While some software firms like Atlassian maintained they have not seen "any material change in customer buying patterns," "the market has begun the process of repricing macro economic risks for secular growers and we think there is further to go," according to Michael Wilson. For the Software group specifically, Morgan Stanley sees "unfavorable risk/rewards for a lot of the high fliers in software." Finally, and as noted above, the recent collapse in many high flying IPOs and inability of WeWork to go public - and in fact only a multi-billion bailout package prevented it from filing for bankruptcy - signifies a new found and long overdue market discipline on profitability and valuation that has yet to run its course, in Wilson's opinion.
As a result, "previously underappreciated economic exposure is finally becoming more apparent in the Software group," something Wilson was expecting and why Morgan Stanley has remained steadfast underweight the Tech sector: "Much of our underweight call on tech from July 2018 has been predicated on our view that capital spending was likely to disappoint from 2H18 forward given our call for an earnings recession in 2019. Objectively, that is precisely what has happened on both counts."
And yet, despite this sharp decline in capital spending, which has translated into flat earnings for the past two years, since July 2018 the tech sector has broadly outperformed the S&P 500 driven by multiple expansion as the forward earnings outlook of the sector relative to the market has barely budged.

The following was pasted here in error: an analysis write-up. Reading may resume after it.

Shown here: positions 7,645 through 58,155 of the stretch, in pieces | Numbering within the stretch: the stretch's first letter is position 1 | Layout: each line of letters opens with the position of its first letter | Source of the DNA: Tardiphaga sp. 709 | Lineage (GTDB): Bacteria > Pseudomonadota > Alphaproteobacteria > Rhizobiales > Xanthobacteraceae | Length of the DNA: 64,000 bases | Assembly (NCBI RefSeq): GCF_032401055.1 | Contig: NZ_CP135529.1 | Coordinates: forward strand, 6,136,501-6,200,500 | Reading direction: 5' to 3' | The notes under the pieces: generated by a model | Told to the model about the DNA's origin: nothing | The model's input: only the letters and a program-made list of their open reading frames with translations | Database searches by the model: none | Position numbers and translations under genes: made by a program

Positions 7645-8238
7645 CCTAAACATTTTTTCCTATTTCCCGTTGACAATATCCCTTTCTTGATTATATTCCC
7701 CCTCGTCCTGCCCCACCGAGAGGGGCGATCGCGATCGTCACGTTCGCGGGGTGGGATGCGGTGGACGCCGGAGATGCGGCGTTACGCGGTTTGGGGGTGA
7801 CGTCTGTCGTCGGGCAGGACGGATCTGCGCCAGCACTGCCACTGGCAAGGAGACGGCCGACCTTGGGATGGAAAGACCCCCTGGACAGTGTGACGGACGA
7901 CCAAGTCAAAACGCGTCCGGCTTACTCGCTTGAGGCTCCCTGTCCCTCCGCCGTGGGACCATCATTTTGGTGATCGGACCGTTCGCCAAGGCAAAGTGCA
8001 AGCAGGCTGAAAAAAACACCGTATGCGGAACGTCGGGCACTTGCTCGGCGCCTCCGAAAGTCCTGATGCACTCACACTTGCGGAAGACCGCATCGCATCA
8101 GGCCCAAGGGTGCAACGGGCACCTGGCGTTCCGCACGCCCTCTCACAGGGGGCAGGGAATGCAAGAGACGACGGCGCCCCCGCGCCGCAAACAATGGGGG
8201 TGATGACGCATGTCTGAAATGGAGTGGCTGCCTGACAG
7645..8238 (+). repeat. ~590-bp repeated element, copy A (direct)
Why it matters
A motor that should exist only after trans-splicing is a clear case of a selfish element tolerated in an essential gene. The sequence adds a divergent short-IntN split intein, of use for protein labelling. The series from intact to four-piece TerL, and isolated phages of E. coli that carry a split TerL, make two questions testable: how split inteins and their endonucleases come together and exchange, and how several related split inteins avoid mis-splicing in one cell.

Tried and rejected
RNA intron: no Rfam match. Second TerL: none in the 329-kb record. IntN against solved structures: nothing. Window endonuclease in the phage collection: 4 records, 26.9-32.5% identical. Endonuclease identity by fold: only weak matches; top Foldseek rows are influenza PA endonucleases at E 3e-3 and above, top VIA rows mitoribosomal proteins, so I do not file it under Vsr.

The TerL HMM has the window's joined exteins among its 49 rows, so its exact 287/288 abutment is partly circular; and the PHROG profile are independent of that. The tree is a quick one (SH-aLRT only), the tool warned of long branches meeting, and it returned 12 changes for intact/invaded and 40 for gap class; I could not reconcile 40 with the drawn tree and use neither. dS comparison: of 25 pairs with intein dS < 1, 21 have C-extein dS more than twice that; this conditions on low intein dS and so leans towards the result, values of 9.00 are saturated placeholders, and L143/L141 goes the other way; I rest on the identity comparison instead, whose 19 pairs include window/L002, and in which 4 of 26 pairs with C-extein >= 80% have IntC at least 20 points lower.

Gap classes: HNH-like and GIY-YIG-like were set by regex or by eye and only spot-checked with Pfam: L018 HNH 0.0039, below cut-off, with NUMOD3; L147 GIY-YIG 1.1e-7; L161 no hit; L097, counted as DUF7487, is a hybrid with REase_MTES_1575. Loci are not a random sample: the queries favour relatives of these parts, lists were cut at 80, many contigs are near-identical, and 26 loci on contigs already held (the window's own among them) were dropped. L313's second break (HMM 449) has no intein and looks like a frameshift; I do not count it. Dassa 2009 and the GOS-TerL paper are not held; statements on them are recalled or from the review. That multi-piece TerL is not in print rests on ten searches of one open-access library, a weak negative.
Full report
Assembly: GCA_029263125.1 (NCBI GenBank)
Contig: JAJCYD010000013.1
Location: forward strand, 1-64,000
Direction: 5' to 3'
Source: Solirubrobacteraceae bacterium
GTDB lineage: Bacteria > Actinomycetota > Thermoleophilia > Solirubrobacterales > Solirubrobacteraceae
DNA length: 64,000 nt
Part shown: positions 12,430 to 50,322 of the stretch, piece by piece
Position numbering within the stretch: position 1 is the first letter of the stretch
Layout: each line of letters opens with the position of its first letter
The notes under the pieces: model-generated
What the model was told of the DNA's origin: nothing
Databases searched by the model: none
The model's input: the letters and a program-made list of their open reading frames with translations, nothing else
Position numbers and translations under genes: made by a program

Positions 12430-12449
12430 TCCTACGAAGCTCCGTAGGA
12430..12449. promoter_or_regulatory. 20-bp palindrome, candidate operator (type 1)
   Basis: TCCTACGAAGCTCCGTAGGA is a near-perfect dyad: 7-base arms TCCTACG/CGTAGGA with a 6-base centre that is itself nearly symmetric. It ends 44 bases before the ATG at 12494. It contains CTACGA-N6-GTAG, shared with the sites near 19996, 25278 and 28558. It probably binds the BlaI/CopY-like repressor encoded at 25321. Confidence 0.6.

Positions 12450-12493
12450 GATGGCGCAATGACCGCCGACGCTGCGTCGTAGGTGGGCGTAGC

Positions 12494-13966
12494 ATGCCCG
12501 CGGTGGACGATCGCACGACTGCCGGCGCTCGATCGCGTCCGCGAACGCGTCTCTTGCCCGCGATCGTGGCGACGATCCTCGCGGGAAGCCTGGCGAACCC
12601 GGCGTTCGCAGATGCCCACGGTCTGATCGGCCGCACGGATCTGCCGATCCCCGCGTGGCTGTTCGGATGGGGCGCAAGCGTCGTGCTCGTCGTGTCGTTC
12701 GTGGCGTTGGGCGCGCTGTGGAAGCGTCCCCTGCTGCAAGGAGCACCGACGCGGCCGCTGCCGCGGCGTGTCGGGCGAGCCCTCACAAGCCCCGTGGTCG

Thankfully, Morgan Stanley has shown this unprecedented divergence in the following chart which makes it all too clear that the second tech bubble started some time in the summer of 2017 and some time this summer, just as it was set to burst, it had never been bigger. And so, without further ado, here is Morgan Stanley's chart showing the second tech bubble in all its multiple expanding glory.
Incidentally, for those wondering just what made this historic divergence possible, look no further than the companies themselves: in the past two years, thanks to Trump's tax repatriation holiday, tech companies unleashed a historic stock buyback spree that makes everything else pale by comparison. It is this furious stock repurchasing by tech companies that allowed their stock prices to diverge so massively from their underlying fundamentals.
How does it all end? While it is taking the market a long time to realize what was obvious to Wilson for over a year, slowly but surely, the unpleasant truth is starting to emerge, and as Morgan Stanley's Wilson concludes, "with a slowing economy and mounting evidence that even Software companies are not immune to this slowing, and continued demand weakness in the more capital intensive parts of Tech, we remain underweight."
Said otherwise: the second tech bubble is now over.